Issues & Challenges Relevant to Africa “Softer” Economic Ties with China & India

Africa's growth

?

+

Governance

standards & debt sustainability issues

Africa's

terms of trade

?

+

+

?

+

?

Declining prices of manufacturing goods

&

increased competition by Asian producers on local & third markets

FDI in SSA

SSA exports redirection twds the Asian Drivers

+

+

+

+

+

+

Direct demand

Global interest rates

-

China / India Growth

Super Cycle

Raw Materials


Issues challenges softer economic ties with china india1
Issues & Challenges Relevant to Africa “Softer” Economic Ties with China & India

  • China & India as “emerging” non-DAC donors

    • Diminished IFIs leverage?

    • Less transparency in public finance?

    • HIPC achievements at risk?

    • Improvements in Aid efficiency in jeopardy?

  • Chinese Corporations and Governance

    • Standards & Codes in extractive industries

    • Procurement

    • Corporate Social Responsibility


Issues & Challenges Relevant to Africa

China, India & Africa: Governance Issues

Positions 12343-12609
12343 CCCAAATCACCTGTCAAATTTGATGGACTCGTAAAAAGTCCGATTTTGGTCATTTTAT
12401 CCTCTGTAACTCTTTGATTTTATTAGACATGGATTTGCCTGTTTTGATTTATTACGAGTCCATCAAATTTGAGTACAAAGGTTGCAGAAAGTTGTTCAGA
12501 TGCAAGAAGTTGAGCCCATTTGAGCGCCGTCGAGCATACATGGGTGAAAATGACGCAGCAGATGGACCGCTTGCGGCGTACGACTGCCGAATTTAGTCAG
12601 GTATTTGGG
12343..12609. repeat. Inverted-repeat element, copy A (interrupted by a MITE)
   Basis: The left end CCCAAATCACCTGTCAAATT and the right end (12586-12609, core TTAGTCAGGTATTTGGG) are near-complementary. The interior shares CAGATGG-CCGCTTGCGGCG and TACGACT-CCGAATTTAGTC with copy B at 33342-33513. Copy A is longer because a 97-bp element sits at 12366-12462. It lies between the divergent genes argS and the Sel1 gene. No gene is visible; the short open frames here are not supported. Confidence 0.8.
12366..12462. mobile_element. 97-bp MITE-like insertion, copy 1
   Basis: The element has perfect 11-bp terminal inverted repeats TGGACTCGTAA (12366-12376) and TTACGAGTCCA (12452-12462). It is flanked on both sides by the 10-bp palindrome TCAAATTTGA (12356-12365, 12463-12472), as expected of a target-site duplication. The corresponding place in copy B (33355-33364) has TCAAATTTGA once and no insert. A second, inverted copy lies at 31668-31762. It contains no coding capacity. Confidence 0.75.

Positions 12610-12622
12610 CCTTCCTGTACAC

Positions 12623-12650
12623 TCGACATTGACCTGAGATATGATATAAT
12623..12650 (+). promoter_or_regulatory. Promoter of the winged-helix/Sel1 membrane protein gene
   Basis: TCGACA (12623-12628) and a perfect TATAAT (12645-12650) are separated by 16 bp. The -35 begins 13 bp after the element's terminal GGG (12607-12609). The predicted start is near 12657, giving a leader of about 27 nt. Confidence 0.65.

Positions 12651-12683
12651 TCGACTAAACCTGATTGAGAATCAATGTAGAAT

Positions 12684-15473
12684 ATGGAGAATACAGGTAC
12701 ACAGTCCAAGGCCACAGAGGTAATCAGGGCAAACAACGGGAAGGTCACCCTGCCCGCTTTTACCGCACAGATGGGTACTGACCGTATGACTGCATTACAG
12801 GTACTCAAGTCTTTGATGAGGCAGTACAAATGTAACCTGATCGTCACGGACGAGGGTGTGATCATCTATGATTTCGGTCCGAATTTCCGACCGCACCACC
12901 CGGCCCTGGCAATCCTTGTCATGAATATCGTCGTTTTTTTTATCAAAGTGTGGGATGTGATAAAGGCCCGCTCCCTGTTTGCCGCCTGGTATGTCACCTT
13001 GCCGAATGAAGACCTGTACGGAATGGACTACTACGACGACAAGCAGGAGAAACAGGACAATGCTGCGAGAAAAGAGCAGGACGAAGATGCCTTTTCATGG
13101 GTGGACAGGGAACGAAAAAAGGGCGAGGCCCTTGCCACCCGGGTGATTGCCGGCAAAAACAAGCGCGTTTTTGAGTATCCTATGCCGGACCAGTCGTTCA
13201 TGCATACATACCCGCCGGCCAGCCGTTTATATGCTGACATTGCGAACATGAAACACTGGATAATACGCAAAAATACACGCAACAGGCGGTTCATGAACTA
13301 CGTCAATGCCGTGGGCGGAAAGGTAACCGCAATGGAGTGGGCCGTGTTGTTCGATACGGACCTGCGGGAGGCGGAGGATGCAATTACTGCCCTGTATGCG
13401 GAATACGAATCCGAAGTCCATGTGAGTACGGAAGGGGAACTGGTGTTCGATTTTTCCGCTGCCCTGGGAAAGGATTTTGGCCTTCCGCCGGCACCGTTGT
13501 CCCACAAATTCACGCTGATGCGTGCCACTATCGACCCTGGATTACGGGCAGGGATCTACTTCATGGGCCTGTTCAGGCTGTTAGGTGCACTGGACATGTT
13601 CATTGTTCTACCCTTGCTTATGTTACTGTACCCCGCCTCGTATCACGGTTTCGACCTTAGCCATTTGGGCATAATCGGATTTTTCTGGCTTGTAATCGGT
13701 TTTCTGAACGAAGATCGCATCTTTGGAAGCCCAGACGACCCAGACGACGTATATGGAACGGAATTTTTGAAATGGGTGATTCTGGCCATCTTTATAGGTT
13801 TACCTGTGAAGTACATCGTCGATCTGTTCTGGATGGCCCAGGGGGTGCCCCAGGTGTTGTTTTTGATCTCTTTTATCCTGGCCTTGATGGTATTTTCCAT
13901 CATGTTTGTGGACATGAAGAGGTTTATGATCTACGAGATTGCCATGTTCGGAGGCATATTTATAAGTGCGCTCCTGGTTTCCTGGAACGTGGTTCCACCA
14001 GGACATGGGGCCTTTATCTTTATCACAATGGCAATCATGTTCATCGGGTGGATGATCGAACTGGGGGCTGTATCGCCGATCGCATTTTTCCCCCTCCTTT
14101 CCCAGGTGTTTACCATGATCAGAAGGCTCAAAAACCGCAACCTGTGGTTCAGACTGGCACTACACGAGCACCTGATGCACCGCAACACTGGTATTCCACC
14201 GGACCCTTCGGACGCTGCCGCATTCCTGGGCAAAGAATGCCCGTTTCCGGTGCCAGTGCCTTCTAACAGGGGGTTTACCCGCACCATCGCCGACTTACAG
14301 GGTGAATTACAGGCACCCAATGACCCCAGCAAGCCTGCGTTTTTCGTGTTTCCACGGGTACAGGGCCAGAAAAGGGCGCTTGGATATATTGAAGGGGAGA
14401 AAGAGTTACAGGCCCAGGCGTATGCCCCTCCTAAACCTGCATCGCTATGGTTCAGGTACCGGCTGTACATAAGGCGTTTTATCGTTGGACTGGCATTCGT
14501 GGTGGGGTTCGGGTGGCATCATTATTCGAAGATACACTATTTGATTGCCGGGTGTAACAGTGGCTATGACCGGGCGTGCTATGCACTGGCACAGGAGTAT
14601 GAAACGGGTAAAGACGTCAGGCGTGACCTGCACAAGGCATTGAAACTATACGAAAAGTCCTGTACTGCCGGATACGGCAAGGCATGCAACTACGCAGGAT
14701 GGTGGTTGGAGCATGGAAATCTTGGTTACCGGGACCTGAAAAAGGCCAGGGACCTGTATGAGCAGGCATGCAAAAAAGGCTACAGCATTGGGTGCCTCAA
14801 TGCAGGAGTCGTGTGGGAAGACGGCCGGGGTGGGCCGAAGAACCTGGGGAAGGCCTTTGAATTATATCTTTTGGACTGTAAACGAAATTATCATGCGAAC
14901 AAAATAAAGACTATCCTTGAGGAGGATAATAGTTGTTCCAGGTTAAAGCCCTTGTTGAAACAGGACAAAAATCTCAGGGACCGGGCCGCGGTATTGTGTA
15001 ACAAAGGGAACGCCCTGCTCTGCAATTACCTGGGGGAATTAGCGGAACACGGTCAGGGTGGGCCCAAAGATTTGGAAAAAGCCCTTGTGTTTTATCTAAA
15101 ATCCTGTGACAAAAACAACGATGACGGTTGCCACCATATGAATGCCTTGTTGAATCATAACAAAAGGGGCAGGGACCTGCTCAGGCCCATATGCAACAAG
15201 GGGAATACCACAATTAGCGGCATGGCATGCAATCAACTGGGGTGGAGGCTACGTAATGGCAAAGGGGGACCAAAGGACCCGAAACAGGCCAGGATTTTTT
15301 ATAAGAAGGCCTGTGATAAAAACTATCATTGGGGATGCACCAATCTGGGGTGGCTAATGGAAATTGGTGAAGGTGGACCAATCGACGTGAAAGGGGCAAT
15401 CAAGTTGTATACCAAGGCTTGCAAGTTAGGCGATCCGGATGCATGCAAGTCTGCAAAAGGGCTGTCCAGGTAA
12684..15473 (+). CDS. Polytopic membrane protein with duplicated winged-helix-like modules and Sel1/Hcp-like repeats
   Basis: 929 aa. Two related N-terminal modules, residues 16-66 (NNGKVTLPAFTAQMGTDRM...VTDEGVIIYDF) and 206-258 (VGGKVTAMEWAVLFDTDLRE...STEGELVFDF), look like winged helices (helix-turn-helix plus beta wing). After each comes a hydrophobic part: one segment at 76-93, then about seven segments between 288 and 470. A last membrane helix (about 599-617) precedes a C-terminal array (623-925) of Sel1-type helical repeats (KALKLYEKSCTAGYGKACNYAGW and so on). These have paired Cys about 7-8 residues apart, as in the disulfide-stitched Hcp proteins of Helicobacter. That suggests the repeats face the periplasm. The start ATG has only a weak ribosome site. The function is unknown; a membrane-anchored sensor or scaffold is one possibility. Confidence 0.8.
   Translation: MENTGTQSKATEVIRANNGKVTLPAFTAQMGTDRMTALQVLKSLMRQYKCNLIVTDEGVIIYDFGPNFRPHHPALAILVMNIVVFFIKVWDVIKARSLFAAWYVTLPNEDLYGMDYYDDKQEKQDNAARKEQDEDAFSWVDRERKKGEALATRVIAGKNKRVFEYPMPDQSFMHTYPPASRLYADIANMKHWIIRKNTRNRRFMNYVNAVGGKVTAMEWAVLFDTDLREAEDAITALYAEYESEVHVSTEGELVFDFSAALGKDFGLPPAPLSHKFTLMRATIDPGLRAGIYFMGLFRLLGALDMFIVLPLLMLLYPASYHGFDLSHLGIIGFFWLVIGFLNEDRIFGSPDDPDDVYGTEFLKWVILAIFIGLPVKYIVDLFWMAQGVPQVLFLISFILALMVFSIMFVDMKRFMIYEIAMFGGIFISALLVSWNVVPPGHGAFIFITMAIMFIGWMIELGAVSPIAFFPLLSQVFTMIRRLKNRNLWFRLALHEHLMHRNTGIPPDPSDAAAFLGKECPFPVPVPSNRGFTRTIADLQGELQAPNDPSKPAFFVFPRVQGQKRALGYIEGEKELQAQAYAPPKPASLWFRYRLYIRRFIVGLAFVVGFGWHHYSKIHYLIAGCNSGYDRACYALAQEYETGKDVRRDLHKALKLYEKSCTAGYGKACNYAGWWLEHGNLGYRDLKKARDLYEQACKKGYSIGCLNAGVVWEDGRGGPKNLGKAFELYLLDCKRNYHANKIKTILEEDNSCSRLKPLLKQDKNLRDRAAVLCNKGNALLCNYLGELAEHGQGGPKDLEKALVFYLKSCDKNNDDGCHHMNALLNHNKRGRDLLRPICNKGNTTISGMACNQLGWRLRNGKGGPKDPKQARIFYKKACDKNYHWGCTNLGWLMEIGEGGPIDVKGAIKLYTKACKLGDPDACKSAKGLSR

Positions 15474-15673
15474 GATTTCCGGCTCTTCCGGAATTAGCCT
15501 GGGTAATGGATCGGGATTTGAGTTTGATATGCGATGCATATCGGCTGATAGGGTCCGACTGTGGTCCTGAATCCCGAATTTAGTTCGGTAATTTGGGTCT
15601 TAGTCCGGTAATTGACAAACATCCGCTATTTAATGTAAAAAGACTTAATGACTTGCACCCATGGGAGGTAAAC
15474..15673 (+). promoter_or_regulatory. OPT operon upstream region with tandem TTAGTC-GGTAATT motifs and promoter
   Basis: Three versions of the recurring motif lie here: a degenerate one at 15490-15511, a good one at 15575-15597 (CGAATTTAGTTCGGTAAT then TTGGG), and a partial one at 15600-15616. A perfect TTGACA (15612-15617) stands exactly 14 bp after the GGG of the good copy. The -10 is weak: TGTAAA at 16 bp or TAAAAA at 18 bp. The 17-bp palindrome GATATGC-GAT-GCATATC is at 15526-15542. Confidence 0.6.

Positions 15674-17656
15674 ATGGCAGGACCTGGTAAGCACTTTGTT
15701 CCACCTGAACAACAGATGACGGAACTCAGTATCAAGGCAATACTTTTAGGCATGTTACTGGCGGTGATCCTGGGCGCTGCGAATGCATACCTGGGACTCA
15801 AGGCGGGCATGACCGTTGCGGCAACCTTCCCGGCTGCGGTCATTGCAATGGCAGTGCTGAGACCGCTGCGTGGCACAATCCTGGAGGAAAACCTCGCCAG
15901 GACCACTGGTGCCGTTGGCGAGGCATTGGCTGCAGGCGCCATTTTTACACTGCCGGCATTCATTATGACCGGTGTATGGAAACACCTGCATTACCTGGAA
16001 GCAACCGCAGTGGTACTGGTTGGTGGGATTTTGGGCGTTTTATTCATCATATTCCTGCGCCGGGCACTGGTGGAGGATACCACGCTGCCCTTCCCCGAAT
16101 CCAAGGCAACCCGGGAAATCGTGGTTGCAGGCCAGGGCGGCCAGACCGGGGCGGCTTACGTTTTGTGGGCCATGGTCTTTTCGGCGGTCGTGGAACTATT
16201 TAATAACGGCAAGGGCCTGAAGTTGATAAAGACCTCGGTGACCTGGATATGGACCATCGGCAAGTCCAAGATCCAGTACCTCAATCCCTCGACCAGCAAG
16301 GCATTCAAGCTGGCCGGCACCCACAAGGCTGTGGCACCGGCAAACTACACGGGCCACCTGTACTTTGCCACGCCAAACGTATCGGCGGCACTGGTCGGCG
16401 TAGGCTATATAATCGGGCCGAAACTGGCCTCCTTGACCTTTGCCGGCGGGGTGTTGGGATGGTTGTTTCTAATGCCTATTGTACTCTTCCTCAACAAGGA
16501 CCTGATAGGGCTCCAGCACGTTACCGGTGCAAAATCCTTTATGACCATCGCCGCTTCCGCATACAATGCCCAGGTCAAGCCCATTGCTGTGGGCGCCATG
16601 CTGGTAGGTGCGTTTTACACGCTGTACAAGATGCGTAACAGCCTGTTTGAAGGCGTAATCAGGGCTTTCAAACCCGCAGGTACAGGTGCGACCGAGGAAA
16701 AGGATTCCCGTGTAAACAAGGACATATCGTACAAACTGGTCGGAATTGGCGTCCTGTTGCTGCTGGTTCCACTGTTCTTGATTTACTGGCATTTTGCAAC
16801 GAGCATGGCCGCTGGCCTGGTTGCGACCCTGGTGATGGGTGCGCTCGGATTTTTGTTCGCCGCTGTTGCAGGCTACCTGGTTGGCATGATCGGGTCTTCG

Trade Ties with China and India and Corruption in Africa

Source: Authors’ own computations based on Transparency International (2004) and OECD (2005), African Economic Outlook


Issues & Challeng Relevant to Africaes

Policy Implications

  • Reorient development strategies

    • Avoid competition in labor-intensive manufactures (e.g clothing)

    • Support diversification into sectors that are complementary to Asian growth (e.g. soft commodities and animal feed)

    • Maximize the potential benefits of PTAs and geographical proximity

  • The raw material boom calls for a policy mix that

    • Restrains public consumption

    • Leans against nominal appreciation (including through at least partial foreign investments of the surplus).

  • Donor policies

    • Caution in emphasis on governance

    • Less bureaucracy and more practical action

    • Capacity-building in rural and agricultural areas

    • Despite PSD, government-to-government linkages remain crucial


Thank you. Relevant to Africa

An OECD Development Centre Study

May 2006

by Andrea Goldstein, Nicolas Pinaud, Helmut Reisen and Xiaobao Chen

Available at:

OECD Development Centre Web:

www.oecd.org/dev

OECD online bookshop:

http://www.oecdbookshop.org


Annex 1 china india as swing importers the case of cotton
Annex 1: China & India as “Swing Importers”: the Case of Cotton

China, India and the international cotton market

Source: Authors’ estimates based on Cotton Outlook (August 2005)


Annex 2 high terms of trade variability